But of course, it's just leverage. It isn't a zero risk proposition.
The attractiveness depends somewhat on the tax treatment of your account, but less than you might think.

Then there are strategies involving gathering option premiums.
There are quite a few of those, to say the least. Few live up to their promise.
Iron condors? and paying somebody to manage that for you? I remain dubious.
Another I have done in the past is writing repeated Berkshire puts.
(sell some stock, leave cash sitting there, write repeated first-in-the-money puts backed by the cash.
Each time a put expires or gets to a uselessly low maximum rate of return to expiry, close and write a new one.
Each time the stock gets assigned, immediately sell the stock and write a new put.
This works. During the time I did it, I got all the stock's return plus a bit of "yield".
The problem with it? The premiums on Berkshire are generally pretty darned low).
As a rule of thumb, use analogies from the insurance business for all premium gathering strategies.
There is a premium level at which a strategy is worthwhile, and another at which it's dumb.
Option premiums are awfully low lately.
Consider all premium harvest strategies seriously only when, say, VIX is over 20.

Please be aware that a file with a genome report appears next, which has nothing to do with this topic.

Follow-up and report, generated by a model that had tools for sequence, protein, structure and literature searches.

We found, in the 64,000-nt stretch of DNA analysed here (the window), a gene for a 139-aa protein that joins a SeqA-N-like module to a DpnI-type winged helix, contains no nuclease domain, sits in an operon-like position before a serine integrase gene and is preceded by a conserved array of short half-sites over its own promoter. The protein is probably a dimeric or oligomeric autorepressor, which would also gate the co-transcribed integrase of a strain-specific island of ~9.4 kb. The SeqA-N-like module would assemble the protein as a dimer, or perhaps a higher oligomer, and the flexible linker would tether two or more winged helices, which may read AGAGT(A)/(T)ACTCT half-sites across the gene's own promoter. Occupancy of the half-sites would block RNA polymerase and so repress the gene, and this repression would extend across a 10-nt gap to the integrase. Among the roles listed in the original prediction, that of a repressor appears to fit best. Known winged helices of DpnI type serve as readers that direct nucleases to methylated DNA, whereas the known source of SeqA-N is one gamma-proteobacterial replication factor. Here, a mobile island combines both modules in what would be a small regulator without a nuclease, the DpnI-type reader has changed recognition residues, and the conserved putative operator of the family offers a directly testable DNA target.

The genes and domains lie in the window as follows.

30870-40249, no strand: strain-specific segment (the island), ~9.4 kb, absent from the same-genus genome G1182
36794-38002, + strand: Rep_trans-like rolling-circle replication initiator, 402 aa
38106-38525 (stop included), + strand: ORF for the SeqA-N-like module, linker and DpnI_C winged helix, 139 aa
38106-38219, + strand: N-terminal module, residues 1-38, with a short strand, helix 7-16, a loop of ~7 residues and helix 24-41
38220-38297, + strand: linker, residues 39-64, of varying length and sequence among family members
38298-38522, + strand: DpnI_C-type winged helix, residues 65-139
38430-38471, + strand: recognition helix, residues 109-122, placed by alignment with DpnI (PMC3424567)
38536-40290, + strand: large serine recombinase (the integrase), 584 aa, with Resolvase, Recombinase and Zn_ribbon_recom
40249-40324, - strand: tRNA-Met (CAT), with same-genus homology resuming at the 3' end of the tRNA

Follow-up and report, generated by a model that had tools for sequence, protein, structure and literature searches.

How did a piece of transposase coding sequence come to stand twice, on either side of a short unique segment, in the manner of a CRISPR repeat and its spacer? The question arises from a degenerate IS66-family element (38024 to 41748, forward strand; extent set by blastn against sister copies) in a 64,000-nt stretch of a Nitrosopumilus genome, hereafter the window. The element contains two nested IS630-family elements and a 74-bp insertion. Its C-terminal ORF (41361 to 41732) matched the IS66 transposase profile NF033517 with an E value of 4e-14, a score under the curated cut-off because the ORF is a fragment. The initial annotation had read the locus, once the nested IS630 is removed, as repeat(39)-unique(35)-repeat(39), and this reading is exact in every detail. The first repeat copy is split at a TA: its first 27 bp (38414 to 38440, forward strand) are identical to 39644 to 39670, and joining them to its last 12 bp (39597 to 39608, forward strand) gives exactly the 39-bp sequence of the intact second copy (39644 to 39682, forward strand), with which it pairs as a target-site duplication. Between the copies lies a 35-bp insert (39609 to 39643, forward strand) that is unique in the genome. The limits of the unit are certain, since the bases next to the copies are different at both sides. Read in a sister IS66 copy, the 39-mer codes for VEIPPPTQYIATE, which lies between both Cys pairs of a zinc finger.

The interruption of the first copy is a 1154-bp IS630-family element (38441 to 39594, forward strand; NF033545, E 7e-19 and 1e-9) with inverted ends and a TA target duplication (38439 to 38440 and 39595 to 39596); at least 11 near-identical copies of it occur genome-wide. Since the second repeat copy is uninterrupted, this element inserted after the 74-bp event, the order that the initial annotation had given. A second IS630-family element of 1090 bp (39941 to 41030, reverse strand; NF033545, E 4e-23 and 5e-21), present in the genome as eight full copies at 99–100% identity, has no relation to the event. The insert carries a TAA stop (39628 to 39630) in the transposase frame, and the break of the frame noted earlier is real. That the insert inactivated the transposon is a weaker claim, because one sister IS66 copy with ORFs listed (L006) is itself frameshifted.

It has been a long time since that was true, but over the very long run it has been true half the time.

One of the safest and most reliable strategies I know is laid out in great deal in Jeffry Cohen's book "Put Options".
This is not a general manual on options like so many others, but rather a VERY explicit description and defence of a single very specific low risk strategy.
In general the strategy is nearly risk free. You make maybe 15% a year in normal years, and
when things occasionally go south you occasionally break even.
The catch is that some years the strategy described is just not worth the bother...the prospective return is too low.
The silver lining is that when premiums are too low to make the return interesting, you know in
advance you're not going to make much, so just don't do it. Do something else that year.

If you don't use the hedge side of his strategy it's an all long strategy based on repeated cash-backed put writing, something I've done a lot of.
As a rule of thumb, I find you'll get a return equal to roughly the midpoint between the return on the underlying stock portfolio and about 10%/year.
A -20% market drop turns into a loss of -5%, a flat year for the stocks turns into a 5% profit, and a 20% year for stocks turns into a 15% profit.
(maybe that 10% in the formula becomes 8% in low VIX times and 12 in better VIX times, but you get the idea)

There are lots of ways to get fancy.
There is a smaller population of things that promise a free lunch.
And a vastly smaller number that actually deliver on the promise.

Jim